The main realistic objections to this theory may be briefly stated. If enjoyments cannot be related to thought-objects, they cannot have them as “counterparts”. If, as Mr Miller says, he believes in the existence of enjoyments, he is formulating the proposition, “Enjoyments are existing things”. But, more important still, “original truths” cannot settle disputes in the way required, because people disagree just as vehemently about what is immediately in front of them (what they “sense”) as about anything else. If, in the Sophistic manner, each man's “data” are held to be “true for him”, still that will not give a point of agreement for the settlement of a difference; and it will be impossible to show how such a datum could ever be a verification of a speculative proposition, because the verifying and verified propositions require to have some terms the same. And finally, unless we could find implication as a relation among

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propositions, i.e., unless implication were a sensible fact, we should never know how to infer.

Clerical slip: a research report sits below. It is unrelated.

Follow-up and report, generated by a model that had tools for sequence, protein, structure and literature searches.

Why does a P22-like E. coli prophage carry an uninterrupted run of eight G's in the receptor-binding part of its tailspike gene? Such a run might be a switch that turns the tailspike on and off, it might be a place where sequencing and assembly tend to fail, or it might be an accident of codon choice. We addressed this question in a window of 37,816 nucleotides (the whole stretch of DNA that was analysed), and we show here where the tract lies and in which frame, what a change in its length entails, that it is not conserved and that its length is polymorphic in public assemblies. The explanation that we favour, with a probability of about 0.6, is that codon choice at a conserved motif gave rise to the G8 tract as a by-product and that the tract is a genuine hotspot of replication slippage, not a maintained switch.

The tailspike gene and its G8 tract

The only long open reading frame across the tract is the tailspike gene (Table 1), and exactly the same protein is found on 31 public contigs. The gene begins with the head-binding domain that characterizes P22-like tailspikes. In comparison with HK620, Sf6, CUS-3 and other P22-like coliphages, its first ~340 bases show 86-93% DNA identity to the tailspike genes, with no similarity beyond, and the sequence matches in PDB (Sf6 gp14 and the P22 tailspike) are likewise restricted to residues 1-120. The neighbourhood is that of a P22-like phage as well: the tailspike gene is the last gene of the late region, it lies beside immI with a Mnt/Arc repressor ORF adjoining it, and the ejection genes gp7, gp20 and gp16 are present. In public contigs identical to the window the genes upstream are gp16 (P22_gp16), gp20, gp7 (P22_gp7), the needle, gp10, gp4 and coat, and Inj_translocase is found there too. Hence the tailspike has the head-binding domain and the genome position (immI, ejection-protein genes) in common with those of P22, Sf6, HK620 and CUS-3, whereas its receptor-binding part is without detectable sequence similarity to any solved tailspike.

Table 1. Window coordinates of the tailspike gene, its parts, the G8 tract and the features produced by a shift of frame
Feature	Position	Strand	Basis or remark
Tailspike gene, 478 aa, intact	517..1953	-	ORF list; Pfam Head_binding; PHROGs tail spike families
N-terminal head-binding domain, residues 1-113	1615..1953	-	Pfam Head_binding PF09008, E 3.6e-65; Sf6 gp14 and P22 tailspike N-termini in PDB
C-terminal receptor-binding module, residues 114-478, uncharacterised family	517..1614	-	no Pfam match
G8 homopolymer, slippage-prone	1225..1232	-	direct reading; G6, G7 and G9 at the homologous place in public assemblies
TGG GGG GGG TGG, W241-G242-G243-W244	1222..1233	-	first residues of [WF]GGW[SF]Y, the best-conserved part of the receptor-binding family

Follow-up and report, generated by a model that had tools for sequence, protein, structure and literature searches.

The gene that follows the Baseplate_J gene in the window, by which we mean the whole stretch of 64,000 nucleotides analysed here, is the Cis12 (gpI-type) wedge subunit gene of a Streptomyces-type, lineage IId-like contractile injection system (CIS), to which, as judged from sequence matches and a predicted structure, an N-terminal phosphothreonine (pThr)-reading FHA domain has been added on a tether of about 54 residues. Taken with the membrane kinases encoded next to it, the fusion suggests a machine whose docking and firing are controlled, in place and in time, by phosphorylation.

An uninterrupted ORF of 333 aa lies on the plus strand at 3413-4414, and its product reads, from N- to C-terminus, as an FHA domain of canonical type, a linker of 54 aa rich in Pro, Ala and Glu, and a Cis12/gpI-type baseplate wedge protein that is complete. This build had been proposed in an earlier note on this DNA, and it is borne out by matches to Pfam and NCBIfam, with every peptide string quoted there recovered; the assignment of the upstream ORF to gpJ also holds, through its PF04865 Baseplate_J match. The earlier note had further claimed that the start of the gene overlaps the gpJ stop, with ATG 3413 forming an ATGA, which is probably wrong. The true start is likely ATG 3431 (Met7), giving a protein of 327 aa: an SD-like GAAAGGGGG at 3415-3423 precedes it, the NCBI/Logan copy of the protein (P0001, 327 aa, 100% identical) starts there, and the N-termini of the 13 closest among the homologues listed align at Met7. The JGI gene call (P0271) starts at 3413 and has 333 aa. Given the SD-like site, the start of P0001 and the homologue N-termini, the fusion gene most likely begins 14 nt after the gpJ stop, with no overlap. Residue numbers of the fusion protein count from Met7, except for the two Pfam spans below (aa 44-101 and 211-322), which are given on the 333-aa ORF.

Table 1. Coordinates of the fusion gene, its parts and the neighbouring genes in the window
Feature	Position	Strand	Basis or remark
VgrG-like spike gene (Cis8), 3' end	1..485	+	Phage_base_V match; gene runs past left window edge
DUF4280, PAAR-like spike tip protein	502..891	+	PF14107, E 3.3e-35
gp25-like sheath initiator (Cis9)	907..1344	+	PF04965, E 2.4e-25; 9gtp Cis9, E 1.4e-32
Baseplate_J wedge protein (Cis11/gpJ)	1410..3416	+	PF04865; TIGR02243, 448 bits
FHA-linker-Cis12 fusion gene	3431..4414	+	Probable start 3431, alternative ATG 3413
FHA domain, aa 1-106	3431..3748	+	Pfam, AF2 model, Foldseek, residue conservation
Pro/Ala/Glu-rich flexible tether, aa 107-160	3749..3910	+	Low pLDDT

It appears, then, that we are entitled to recognise neither degrees of truth nor anything outside “the world of truth”, and, if we did, it would bring us no nearer “certainty”. The theory of “enjoyment” falls with the monistic theory of “consciousness”. Realists will not deny that there is a relation between what a person believes and the state of his mind; but they maintain (a) that this implies that “states of mind” can themselves be discussed and contemplated; (b) that “the fact that I believe X” is not a criterion of the truth of X, nor is “what caused me to believe it”, unless this happened to be inference, at all relevant to the proof of it; (c) that the only propositions that anyone will accept as deciding an issue are such as he himself believes, or regards as facts. If science advances it is because one or more persons believe truths, and not because any authoritative criterion, any “ultimate”, is discovered. The absence of agreement about facts would in no way suggest a possibility of agreement about “ultimates”. And, indeed, the existence of science implies nothing as to general agreement, but only that somebody knows; and what he knows consists of true propositions.